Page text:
Art

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Art

Spirited Narratives Drive Whimsical, Patterned Paintings by Monica Rohan

May 23, 2020

Grace Ebert

“Kate, awkward” (2015), oil on board, 31 1/2 × 23 3/5 inches. All images © Monica Rohan, shared with permission

Whether unwrapping themselves from textile folds or balancing atop spindly stools, Monica Rohan’s figures are perpetually in motion. The painter depicts adventurous subjects set amongst whimsical worlds of overgrown bushes, vibrant seas of fabric, and cloudless skies rendered in patches blue. “The figure brings tension, the possibility of a narrative,” she tells Colossal. Rohan envisions each character as the impetus for action in her playful landscapes and thickly decorated domestic scenes.

Each piece begins with the artist exploring a photographic catalog she maintains with imagery of nature, interiors, and self-portraits.

These are developed through photo sessions which last anywhere between 10 minutes to an hour. I then translate this content into sketches and studies, finding different ways to pull patterns out and manipulate the figure before moving forward with the painting proper…The first marks on the board are a transfer of a sketch for the figure. I’ll then start painting and slowly work my way across the surface in a single layer, constantly making micro-decisions and balancing the image as I go. The figure in this way acts as a sort of anchor that the rest of the painting moves around.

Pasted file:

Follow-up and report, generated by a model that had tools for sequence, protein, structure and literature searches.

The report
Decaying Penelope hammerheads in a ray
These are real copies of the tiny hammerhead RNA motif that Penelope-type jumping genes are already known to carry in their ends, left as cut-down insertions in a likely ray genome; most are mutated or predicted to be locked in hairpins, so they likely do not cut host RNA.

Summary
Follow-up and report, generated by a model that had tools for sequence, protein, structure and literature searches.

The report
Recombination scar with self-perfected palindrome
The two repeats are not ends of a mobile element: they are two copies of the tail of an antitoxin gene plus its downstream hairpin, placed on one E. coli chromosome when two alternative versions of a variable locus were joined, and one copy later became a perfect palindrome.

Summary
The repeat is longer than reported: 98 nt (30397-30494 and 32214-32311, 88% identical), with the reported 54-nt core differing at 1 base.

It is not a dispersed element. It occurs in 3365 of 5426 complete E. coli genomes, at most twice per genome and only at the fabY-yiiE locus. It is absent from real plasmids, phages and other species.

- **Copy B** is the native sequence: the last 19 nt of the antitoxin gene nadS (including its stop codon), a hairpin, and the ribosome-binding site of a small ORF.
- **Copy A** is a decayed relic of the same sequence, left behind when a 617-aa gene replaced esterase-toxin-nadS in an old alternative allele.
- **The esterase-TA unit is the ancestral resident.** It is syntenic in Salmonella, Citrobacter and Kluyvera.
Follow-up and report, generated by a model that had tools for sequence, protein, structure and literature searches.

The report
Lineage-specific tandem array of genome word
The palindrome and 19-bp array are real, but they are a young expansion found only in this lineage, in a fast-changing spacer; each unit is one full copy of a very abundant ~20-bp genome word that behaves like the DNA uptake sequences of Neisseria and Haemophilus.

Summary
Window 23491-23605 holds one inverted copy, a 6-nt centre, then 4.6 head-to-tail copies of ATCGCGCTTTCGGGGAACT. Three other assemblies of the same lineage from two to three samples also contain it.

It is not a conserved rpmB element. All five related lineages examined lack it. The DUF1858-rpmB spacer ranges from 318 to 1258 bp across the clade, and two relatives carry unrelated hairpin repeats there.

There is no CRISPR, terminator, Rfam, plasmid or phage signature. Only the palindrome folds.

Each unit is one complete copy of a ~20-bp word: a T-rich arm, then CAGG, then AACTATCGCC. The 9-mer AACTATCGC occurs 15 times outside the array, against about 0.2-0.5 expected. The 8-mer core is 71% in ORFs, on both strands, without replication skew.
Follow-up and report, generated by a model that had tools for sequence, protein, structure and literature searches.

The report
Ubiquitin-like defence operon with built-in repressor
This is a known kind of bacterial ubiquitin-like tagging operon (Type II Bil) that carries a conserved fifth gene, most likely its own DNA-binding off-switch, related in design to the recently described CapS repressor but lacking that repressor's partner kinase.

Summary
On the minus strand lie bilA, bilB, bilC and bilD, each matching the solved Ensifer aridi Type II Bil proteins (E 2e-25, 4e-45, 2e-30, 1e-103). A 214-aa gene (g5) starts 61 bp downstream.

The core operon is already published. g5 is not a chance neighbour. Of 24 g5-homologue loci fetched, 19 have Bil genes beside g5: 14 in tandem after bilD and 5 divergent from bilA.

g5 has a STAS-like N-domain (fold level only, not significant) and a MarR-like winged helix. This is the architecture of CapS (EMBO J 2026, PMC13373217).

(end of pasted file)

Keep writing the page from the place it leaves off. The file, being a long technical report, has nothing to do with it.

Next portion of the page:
Often drawing from texts she’s reading—Charlotte Brontë’s Villette is one—the artist imbues fictional tales into her works. “I’m interested in when real life and fiction bleed into one another. I’ve always been an avid reader, but happily, nowadays I can read and paint at the same time thanks to audio-books. Often whatever I’m reading filters through into titles for works and indirectly into the paintings themselves,” she says. 

To see more of Rohan’s densely patterned paintings, head to Artsy and Instagram, where she also shares progress shots and some of the original photographs that inspire her dreamlike pieces.

 

“Of course not” (2019), oil on board, 31 1/2 × 23 3/5 inches

“Deliberating” (2015), oil on board, 31 1/2 × 23 3/5 inches

Left: “Unshrinking unthinking” (2019), oil on board, 31 1/2 × 23 3/5 inches. Right: “Turn me down” (2019), oil on board, 31 1/2 × 23 3/5 inches

“Re-appear” (2019), oil on board, 31 1/2 × 23 3/5 inches

Left: “Flung” (2015), oil on board, 31 1/2 × 23 3/5 inches. Right: “Peak drag” (2019), oil on board, 31 1/2 × 23 3/5 inches

“Humming” (2019), oil on board, 31 1/2 × 23 3/5 inches

“Polite decline” (2019), oil on board, 31 1/2 × 23 3/5 inches

 

 



Art